Thursday, October 23, 2014

This Halloween I’m Dressing as a Stockbroker

In a typical October, the trees shed their leaves and stocks shed their value. This one is no exception. During Halloween month, the scariest place is not the cemetery but Wall Street – not so much for the traders, who (unless trading on their own accounts) make money regardless of what the market does, but for the rest of us.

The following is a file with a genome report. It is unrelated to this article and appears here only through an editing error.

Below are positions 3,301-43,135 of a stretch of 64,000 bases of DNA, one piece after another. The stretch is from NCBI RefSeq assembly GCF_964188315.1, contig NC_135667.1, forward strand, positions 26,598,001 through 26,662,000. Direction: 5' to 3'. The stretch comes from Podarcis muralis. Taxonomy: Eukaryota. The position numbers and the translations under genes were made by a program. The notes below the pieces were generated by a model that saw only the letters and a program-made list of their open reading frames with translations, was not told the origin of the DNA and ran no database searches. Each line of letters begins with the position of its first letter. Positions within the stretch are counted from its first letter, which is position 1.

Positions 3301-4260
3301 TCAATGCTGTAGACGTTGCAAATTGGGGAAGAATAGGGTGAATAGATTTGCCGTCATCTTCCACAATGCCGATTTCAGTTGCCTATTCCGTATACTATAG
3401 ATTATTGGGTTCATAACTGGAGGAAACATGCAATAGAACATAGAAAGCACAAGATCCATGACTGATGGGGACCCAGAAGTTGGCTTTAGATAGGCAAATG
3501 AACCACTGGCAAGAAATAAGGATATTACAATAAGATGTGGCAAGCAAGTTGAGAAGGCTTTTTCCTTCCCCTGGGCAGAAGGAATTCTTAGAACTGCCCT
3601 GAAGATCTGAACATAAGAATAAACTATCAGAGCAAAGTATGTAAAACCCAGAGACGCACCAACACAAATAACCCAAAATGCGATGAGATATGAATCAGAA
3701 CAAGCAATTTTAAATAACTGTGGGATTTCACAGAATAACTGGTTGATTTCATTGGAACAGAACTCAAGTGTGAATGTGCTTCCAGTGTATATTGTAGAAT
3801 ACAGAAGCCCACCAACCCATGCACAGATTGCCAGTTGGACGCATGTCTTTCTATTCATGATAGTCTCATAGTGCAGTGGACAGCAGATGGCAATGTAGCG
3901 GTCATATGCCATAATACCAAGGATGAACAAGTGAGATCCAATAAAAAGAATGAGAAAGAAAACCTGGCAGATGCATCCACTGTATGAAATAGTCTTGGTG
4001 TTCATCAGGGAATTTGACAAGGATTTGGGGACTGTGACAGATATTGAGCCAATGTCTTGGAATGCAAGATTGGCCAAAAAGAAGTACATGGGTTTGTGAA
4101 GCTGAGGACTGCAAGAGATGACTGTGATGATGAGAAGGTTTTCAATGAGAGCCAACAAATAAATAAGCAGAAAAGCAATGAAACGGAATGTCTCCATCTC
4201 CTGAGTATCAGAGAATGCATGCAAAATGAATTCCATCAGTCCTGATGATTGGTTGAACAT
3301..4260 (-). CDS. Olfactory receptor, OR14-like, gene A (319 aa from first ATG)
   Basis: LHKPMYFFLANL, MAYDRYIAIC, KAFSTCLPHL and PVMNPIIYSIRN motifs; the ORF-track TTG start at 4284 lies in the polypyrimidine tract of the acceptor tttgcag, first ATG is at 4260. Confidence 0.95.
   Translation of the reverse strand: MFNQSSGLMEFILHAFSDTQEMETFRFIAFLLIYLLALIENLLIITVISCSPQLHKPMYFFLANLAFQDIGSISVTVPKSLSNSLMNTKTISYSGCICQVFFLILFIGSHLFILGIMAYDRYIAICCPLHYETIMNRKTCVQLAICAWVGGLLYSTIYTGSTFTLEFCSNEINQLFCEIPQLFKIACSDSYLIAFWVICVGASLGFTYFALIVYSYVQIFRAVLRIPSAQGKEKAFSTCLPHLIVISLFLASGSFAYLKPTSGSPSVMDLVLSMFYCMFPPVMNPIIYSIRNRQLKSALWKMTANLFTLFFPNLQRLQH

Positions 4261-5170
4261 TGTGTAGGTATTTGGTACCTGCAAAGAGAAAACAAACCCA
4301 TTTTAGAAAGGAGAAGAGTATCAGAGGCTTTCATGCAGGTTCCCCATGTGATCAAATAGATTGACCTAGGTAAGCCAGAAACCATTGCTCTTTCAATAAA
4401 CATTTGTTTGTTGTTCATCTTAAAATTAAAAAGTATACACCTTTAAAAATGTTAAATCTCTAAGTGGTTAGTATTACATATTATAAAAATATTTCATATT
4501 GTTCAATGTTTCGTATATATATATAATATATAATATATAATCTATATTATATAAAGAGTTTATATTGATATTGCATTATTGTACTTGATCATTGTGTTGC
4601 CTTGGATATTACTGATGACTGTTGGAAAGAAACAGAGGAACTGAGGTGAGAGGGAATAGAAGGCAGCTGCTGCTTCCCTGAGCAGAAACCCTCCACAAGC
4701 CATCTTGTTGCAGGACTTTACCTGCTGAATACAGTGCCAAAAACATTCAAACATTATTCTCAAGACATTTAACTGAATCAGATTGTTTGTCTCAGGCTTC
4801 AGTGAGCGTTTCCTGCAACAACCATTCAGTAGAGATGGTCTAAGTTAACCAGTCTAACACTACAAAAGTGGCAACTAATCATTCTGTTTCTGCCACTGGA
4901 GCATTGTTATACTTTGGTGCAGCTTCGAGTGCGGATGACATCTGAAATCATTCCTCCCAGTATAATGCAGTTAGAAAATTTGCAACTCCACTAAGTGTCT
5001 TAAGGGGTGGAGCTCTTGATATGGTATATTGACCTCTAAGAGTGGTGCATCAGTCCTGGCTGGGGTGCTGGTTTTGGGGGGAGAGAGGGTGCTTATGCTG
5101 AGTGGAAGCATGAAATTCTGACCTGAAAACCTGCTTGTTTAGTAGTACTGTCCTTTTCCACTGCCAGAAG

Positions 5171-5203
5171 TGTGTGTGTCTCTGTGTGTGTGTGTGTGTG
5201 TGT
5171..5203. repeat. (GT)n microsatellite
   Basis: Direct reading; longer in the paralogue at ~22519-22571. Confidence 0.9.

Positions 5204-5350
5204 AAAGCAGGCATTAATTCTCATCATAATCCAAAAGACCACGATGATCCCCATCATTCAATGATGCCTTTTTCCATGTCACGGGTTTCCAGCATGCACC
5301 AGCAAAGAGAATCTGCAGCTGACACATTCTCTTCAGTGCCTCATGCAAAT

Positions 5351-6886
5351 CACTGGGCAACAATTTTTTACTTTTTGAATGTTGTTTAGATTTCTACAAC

Very few “rules of thumb” for investors stand the test of time. There is a random element to price movements that baffle even expert analysts. For two decades Alan Greenspan was the most respected central banker in the world, yet in his latest book he admits he totally misread the movements of asset prices while in office. What hope is there for the rest of us? Strangely enough, one idiotically simple rule of thumb has been a winner for centuries: “Sell in May, go away.” The months November-April really have had better returns than May-October; October in particular repeatedly has been nasty indeed. A hypothetical investor who put $10,000 in stocks reflecting the S&P in 1958 (a recession year) and then followed the sell-May-buy-November strategy now would have a portfolio of $544,323. The reverse strategy (buy-May-sell-November) would leave the investor in 2014 with $9,728, a $272 loss. Professional investment advisers tend to pooh-pooh the sell-May strategy, because it seems to make no sense. To them it has the smell of superstition: an unreliable interpretation of a statistical oddity. Yet it is hard to dismiss the persistence of the pattern. Besides, it does make sense in human psychological terms, if not in terms of the underlying economic realities. Octobers are bad for the market because Octobers historically are bad for the market. It is self-reinforcing. Investors, aka humans, are jittery creatures when they suspect bears are about, either in the woods or in the market; they know October is an especially ursine infested month, and flee on hearing the first scary rustle or grunt.